There is a lot of noise when central banks announce interest rates. They will say that this is normal because these decisions have a direct impact on variable interest rates.
On the other hand, little attention is paid to the rise in Canadian government bond rates, which is influencing the development of fixed-rate mortgages, the most popular choice among homeowners.
Well, they’ve been climbing at an alarming rate for the past few weeks!
At the beginning of June, the interest rate for five-year government bonds was 2.86%. A week ago it hit 3.58%, a high since 2008. We haven’t seen such a rapid rise in thirty years, and we haven’t seen an end to it.
Anyone who swears by the fixed interest rate will take the plunge if they have to extend their loan in the coming months. Five years ago they secured financing at less than 3.0% interest. The best five-year rate offered for an insured mortgage is now around 4.9%; Most borrowers pay more than 5%. Next step: 6%!
The connection between bonds and mortgages
Canadian government bond interest rates fluctuate daily. In an inflationary environment, investors buying government bonds will demand higher interest rates. It is the interaction of supply and demand that determines prices. Financial institutions rely on bonds to set the fixed rate on their mortgages. Why ? To fund their mortgage loans, banks resell part of their loan portfolios in the capital markets, markets where they compete with government debt.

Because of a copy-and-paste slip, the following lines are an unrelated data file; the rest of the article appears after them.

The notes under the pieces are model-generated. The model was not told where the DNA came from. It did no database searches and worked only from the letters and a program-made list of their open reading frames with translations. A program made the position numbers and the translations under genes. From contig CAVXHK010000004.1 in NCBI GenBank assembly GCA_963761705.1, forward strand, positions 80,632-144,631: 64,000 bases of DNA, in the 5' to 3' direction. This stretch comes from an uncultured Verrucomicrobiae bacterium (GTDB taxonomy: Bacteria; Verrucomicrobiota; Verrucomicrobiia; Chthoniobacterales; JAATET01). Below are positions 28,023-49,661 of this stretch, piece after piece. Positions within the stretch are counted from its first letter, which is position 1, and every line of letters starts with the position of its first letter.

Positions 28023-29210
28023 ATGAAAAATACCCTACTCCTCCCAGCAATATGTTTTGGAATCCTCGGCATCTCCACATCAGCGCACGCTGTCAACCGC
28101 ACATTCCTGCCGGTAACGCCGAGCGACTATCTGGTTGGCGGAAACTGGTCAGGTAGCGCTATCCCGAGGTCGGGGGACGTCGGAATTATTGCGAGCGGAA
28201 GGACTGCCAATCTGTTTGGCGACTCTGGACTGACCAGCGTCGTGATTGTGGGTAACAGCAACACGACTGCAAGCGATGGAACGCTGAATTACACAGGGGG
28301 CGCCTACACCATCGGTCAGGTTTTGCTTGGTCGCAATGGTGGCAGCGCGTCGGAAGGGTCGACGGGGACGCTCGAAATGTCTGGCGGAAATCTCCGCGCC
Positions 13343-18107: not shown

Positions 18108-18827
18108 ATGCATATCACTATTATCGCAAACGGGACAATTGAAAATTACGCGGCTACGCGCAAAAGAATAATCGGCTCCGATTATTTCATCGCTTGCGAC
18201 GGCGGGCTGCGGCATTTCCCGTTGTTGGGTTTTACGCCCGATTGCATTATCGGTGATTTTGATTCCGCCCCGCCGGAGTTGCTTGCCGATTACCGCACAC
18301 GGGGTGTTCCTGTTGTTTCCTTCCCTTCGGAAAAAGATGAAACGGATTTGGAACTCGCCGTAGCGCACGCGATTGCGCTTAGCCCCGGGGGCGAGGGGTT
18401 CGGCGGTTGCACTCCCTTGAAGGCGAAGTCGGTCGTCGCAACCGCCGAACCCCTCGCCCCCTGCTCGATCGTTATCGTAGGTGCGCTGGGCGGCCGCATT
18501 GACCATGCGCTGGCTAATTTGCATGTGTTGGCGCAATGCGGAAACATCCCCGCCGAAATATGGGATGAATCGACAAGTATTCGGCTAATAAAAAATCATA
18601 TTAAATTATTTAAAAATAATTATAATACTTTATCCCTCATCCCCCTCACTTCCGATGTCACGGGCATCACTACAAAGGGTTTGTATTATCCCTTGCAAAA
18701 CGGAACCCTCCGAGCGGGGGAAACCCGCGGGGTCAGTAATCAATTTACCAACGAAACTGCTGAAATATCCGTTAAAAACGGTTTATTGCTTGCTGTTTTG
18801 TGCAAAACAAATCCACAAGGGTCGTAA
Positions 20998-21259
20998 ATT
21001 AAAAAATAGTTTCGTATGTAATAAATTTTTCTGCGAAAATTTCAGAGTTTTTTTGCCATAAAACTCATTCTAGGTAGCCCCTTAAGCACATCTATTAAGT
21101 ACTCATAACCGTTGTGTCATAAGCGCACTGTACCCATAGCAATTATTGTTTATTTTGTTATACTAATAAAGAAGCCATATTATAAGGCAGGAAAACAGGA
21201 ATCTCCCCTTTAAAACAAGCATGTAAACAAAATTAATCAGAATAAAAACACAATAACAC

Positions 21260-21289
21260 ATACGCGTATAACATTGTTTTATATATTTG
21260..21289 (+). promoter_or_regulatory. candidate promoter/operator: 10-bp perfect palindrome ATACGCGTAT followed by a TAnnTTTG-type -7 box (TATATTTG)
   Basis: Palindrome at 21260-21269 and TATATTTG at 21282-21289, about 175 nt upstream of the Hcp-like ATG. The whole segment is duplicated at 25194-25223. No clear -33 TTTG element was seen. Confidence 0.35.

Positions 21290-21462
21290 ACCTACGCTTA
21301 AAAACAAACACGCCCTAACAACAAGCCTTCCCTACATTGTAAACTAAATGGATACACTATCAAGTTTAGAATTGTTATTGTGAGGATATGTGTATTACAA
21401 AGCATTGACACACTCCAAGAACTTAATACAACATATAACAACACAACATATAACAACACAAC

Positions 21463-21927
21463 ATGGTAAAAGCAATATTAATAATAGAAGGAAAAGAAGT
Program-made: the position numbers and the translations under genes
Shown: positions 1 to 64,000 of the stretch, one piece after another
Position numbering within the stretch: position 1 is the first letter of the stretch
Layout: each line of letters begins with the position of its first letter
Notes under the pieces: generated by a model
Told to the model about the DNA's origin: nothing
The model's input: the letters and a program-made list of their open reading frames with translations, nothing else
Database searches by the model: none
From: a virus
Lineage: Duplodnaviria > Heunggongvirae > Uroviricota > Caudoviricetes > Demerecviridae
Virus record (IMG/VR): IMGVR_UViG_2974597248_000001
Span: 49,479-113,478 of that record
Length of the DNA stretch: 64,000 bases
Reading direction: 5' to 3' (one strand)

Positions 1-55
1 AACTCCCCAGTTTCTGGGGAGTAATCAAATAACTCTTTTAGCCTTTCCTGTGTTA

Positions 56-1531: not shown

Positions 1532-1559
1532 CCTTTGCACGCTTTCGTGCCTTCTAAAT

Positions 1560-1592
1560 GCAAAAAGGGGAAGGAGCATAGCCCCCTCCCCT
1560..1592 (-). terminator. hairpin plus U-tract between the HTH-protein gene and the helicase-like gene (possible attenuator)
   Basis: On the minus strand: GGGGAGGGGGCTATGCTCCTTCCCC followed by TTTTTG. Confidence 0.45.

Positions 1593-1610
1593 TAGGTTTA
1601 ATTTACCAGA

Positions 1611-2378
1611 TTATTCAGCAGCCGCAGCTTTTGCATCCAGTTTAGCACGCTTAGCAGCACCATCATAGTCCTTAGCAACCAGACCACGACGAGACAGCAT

However, government bonds are 100% safe, which is not the case with mortgages. This added risk (plus the margin lenders keep for themselves) is reflected in the interest rate differential between bonds and mortgages. The difference is between 100 and 200 basis points (100 points equals 1%) depending on the circumstances. It was hovering around 120 a week ago, has since widened and could gain further momentum on a worrying financial environment.
In other words, fixed-rate mortgage rates are rising a little faster than bond rates, which are already rising at an unusual rate. This is not good news for those looking to roll over their credit in the coming months.
The impact on the real estate market
- Those looking for a fixed rate mortgage need to qualify with an interest rate of 7%! It beats the ghosts…
- In Canada, a borrower must pass the “stress test”. When assessing the weight of mortgage debt in their customers’ budgets, lenders must add 2% to the interest rate they charge. Result: More and more prospective buyers are disqualified!
- Last week, Desjardins presented its real estate projections, including a 12% price drop in Quebec by the end of 2023. The decline appears to be more pronounced in other regions of the country. The Bank of Canada spoke more dramatically of a correction and the risk of a cascading effect that would weigh on the financial system.
- Look no further for an explanation: it’s the credit crunch that’s going to cool people’s minds. It looks like another tile in the current barrage of negative news, but this tightening is necessary.
- Those who borrowed to the limit of access to property last year won’t see it that way.